Changes to the Formula 1 technical regulations for 2023 which bid to stop porpoising have taken a step closer, as confirmed by FIA president Mohammed Ben Sulayem.
Ben Sulayem announced on Monday evening that after discussions with all drivers and teams, updated 2023 technical regulations would be submitted to the World Motor Sport Council (WMSC) this week.
The FIA announced several weeks ago its intention to change the regulations to reduce the porpoising phenomenon, which has returned this year following the re-introduction of ground effect cars.
The stiff nature of the 2022 challengers has also seen them bottom out frequently at high speed.
A temporary measure will be installed at the next grand prix weekend in Belgium, which will see a stiffening of the plank skids and a vertical oscillation metric enforced.
But it is only a temporary solution and for 2023, there are set to be further changes to the regulations on the grounds of safety.
These include raising the floor edges and the underfloor diffuser throat, introducing more stringent lateral floor deflection tests and implementing a more accurate sensor to help quantify the aerodynamic oscillation.
Teams are split over the new regulations, with Red Bull in particular being vocal against their introduction due to how late into the calendar year the sport is.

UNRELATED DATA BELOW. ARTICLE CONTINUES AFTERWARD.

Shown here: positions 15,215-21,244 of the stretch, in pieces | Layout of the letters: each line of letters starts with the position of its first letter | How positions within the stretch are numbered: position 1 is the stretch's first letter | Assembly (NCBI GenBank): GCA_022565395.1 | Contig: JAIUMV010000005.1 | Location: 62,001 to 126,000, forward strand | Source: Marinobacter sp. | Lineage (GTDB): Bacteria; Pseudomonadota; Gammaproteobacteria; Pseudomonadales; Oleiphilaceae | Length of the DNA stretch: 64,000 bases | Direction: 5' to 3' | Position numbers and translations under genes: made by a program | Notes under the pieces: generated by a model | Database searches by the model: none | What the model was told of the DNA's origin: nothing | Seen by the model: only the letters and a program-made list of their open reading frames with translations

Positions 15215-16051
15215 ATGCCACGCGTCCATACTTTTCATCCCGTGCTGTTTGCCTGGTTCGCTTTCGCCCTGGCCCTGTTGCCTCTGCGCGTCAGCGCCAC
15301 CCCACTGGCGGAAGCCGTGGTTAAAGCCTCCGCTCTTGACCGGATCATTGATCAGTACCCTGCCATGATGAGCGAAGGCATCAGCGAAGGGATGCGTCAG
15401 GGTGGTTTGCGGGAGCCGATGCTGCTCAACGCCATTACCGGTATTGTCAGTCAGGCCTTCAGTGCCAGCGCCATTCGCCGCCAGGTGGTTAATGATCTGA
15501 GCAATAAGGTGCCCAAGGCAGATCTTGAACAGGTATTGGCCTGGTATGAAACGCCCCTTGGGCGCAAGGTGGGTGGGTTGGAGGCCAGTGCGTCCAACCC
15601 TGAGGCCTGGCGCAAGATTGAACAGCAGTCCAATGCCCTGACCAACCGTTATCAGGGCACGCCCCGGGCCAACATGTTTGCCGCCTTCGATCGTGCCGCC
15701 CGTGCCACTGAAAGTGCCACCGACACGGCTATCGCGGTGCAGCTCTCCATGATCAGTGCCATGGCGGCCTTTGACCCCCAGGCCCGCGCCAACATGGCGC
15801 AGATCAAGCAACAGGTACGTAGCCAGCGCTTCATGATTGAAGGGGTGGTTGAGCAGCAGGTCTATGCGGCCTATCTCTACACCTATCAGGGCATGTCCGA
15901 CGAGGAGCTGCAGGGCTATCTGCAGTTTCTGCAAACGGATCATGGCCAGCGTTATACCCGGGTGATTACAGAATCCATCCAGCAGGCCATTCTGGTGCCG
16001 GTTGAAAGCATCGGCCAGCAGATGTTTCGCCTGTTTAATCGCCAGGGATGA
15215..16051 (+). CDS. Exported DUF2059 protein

“It’s too late in the day for fundamental regulation changes, which something like that would be,” Red Bull team boss Christian Horner said in France.
“We haven’t had a problem all year. There’s only one team that has had a big problem.
“We’ve got some of the most talented engineers in the world in this sport, and I can almost guarantee you if we came back next year, there would be no cars with issues.”
Should the changes get the green light from the WMSC, teams may be forced to undertake sizeable alterations to the construction of their 2023 challengers.
Terrible deja vu as FIA address the measured effect of porpoising just as they did ground effect in early 80s !
Let’s just break all the fundamental necessities for ground effect. Increase the size of gaps, in 80s they actually had sliding side seals.
As with the current season, most of the floor ground force generation will be more experimental than scientific.
Ruining the racing so that Mercedes, with their stereotypically Austrian leader and short-arsed jewellery display, can go back to their winning set-up. Not at all a good move for the future of the sport.